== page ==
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    This piece was originally posted on May 2, 2018.

    The human trafficking hotline number is 1-888-373-7888.


    Everybody knows the Kentucky Derby is about making money. That’s why Kristy Love came here. Seventeen years old, hair and nails done, in a nice hotel, drinking. She’d never heard of the horse race before, but got hyped thinking about the thousands she could make in a day, the possibility of sleeping with a superstar. She’d made the ride to Louisville from her hometown of Cincinnati with her pimp, who was a white dude she thought looked like a member of the Bee Gees, and a few other girls — her competition.

    Love considered herself a moneymaker. Young. Nice shape, like TV’s Christie Love, the African-American lead actress from the 70’s, the crime fighter. That’s who the pimp named her after. The two Loves had the same dark skin. Both real slim. The 17-year-old Love was fit from a life of turning tricks. She’d be good for Derby. And after that: Atlanta’s now defunct Freaknik festival.

    She’d worked the streets since she was nine, when she met her sugar daddy. “He’d give me $40 to take to school. That’s a lot for a kid in 1982,” she says, remembering the rumble of his truck. “I didn’t know I was being groomed.” They’d eat Italian food. Do some drugs. Hit the strip.

    Love would dress in her favorite outfit: fishnets, baby doll ruffle socks, short shorts and her grandma’s shiny patent leather shoes from Sears, which she felt protected in. Love felt pretty, felt loved. She hoped she wasn’t hurting her grandma, a good Christian woman who she’d crash with sometimes. Grandma knew. Had to.

    Still, no one stopped her. No one stopped someone close from raping Love repeatedly from the time she was three years old. No one stopped a pillow from pressing into her face. She took the abuse, then took the lollipop, sucking on her secret. “I always thought in order to get someone to like me, love me, that I had to use my body,” she says.         

    So, the streets. No high school, no prom. Instead: the wall she’d sit on, waiting for a car to roll up. A quick blow job on a man’s morning commute, or a trip to a motel. She had a baby at 13, six kids by 21.

    There were rules, of course. Never tell a client you love him. Never tell him you have kids. Report back to the pimp with all the money; lean in the car window and give him the $50 or $100 or whatever and get blown out by a cloud of cigarette smoke. Don’t fight. Not if they drag you down stairs. Not if they slap you so hard you lose an earring. Not if they choke you out.

    In a way, Love was proud of the rings around her neck. She thought it was a talent, being choked. Thought it made her a star, to be able to endure this kink. It all seemed normal. She wasn’t aware then that she was being trafficked. She now knows the choking as the suffocation of trauma, of the pillow over her three-year-old face. She now knows that all those days and Derbies she was just “real trained up.” The mind control stronger than a thoroughbred. Reins around the brain.


    It’s the week of the 144th Kentucky Derby and things are on lockdown at the Kristy Love Foundation. Love goes by her real name now: Angela Renfro. When she was 29, “a collaboration between God and jail,” she says, helped her take her first steps toward freedom. Now 49 years old, she’s been out of “the life” almost 20 years.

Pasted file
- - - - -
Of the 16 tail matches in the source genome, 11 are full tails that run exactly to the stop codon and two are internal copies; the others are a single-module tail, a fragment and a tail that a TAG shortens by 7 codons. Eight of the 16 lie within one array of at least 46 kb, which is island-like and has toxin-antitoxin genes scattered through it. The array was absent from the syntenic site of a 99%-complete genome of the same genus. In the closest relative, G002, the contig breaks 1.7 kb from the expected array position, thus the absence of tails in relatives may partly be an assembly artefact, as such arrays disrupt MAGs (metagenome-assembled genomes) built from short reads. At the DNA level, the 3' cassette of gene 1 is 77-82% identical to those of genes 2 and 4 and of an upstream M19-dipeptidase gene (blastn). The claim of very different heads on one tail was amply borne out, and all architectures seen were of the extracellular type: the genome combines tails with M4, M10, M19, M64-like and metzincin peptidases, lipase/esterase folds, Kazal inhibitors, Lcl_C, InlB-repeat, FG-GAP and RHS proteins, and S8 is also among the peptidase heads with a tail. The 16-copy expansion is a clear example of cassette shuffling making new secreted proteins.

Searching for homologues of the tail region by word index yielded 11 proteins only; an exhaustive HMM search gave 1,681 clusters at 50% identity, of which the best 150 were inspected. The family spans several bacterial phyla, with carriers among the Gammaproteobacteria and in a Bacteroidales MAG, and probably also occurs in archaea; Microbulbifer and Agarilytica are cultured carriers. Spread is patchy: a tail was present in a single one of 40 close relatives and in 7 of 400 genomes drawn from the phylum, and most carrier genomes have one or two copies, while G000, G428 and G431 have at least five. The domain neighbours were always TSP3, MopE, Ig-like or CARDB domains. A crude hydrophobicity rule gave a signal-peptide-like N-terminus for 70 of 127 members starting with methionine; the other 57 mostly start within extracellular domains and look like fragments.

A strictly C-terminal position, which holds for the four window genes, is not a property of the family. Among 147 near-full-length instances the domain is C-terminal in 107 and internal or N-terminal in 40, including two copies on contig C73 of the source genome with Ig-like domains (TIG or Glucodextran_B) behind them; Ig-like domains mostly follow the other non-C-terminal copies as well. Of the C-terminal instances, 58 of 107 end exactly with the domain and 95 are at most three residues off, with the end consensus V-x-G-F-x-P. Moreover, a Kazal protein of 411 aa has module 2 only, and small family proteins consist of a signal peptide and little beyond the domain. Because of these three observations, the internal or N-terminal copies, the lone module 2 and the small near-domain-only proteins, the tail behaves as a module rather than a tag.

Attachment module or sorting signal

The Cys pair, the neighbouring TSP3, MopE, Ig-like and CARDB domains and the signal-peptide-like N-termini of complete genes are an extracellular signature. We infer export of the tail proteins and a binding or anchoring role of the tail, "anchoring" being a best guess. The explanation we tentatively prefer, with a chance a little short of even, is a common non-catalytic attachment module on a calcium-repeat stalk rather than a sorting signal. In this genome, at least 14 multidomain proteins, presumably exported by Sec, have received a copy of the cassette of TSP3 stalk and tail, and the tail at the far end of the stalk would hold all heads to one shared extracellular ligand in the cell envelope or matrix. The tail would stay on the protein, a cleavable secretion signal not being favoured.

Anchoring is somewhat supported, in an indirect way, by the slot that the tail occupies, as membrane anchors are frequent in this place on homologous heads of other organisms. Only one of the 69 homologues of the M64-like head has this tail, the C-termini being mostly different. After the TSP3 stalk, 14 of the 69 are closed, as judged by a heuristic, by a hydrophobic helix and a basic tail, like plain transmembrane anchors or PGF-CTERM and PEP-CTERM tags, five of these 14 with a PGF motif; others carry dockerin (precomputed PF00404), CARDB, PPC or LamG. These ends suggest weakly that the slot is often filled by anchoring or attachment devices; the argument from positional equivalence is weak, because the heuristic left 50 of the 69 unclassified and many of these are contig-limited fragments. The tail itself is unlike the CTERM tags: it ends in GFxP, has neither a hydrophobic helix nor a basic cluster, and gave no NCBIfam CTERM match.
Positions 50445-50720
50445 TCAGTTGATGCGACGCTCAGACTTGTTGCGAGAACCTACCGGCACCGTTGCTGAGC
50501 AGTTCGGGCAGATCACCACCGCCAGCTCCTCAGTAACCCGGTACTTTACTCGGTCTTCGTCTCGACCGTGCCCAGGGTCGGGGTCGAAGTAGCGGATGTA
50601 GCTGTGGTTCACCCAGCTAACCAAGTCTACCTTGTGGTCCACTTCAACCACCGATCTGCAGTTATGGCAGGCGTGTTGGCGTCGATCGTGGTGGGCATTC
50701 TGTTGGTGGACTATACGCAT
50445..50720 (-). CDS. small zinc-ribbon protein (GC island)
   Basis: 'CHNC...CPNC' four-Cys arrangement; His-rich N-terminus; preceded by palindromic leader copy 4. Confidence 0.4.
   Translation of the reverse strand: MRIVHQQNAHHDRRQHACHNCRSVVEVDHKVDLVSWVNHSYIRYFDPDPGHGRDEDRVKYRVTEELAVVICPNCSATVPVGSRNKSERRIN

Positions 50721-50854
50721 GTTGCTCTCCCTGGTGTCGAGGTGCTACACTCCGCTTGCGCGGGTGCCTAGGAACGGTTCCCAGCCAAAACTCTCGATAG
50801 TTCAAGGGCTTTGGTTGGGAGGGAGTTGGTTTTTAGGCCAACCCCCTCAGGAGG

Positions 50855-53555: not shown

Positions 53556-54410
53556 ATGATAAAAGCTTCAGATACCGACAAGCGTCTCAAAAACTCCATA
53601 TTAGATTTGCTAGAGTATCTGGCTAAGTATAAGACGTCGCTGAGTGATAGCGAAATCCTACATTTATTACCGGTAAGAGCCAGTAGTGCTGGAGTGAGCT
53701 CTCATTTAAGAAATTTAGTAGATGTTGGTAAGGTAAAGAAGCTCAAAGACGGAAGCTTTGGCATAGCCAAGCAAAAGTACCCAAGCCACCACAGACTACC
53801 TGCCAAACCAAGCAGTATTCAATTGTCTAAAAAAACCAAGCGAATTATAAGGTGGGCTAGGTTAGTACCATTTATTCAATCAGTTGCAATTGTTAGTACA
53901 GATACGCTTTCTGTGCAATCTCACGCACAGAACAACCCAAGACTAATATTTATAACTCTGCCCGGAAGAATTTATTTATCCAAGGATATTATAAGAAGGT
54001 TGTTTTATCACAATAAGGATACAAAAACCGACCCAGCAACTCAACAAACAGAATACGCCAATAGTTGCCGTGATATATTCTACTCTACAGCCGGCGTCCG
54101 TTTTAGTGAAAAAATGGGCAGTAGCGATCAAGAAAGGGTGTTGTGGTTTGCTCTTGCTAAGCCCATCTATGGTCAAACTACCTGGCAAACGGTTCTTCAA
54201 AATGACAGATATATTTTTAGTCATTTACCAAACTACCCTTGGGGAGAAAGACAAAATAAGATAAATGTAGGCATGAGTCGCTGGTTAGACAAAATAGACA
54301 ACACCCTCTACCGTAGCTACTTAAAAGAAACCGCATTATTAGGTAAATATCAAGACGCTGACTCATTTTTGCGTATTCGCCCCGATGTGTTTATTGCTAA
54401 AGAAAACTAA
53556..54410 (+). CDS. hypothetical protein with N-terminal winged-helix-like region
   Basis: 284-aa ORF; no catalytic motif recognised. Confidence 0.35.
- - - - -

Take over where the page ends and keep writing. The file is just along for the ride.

Renfro is the founder of the survivor-led non-profit that helps and houses victims of human trafficking. The shelters offer recovery programs, parenting courses, job training, art therapy, morning meditation.

    Human trafficking is defined by the federal government as the use of force, fraud or coercion for labor or sexual exchange — unless you’re under 18, in which case such crimes are considered trafficking without stipulation. (Kentucky passed the Safe Harbor Law protecting kids from prostitution prosecution in 2013.) It’s a felony, and can earn 10 to 15 years in prison.

    Renfro’s got to get the girls ready for the nonprofit’s third annual Hats Off to Survivors event the next day. It’s a luncheon where several people will speak about trafficking, among them Kentucky Attorney General Andy Beshear, who counts anti-trafficking efforts as one of his missions, getting truckers and housekeepers and schools trained to recognize signs of trafficking like timidity, submissiveness, disorientation. Derby hats are lined on a couch for the gala: black, blinging, bouqueted. Renfro holds a meeting with nine women in one of her three West End homes. (She’s currently working with a total of 19 and says she’s helped over 700 since 2012.) It’s a pep talk mixed with real talk in the cramped but cozy living room.

    “Hats Off is about changing your all’s perspectives on Derby. It’s about bringing you dignity,” she says, her eyes bright with pink eyeshadow like a spring flower, her “Black and Beautiful” shirt hugging her. “It’s about emphasizing your freedom.”

    Renfro knows Derby is a hard time. Some of the women are freshly clean off drugs; others are in the long process of healing from “the life.” Easy to get sucked back in. Guys are already trying to pick up her girls at bus stops, offering dope.

    Renfro’s story is not uncommon in this region, except for the fact that it’s being told. Most cases of human trafficking go unreported, keeping it a 99 billion-dollar industry. Louisville is always a hub for trafficking, because of where the interstates cross over, the current opioid epidemic (people selling themselves or their kids for a fix) and big events like the Farm Machinery Show and Derby, where money and booze flow and sex is like a sure bet.

    The women in the room — black, white, young adults and 60-somethings — look up, down, around. The talk gets tense. One woman calls Derby “a city out of control.”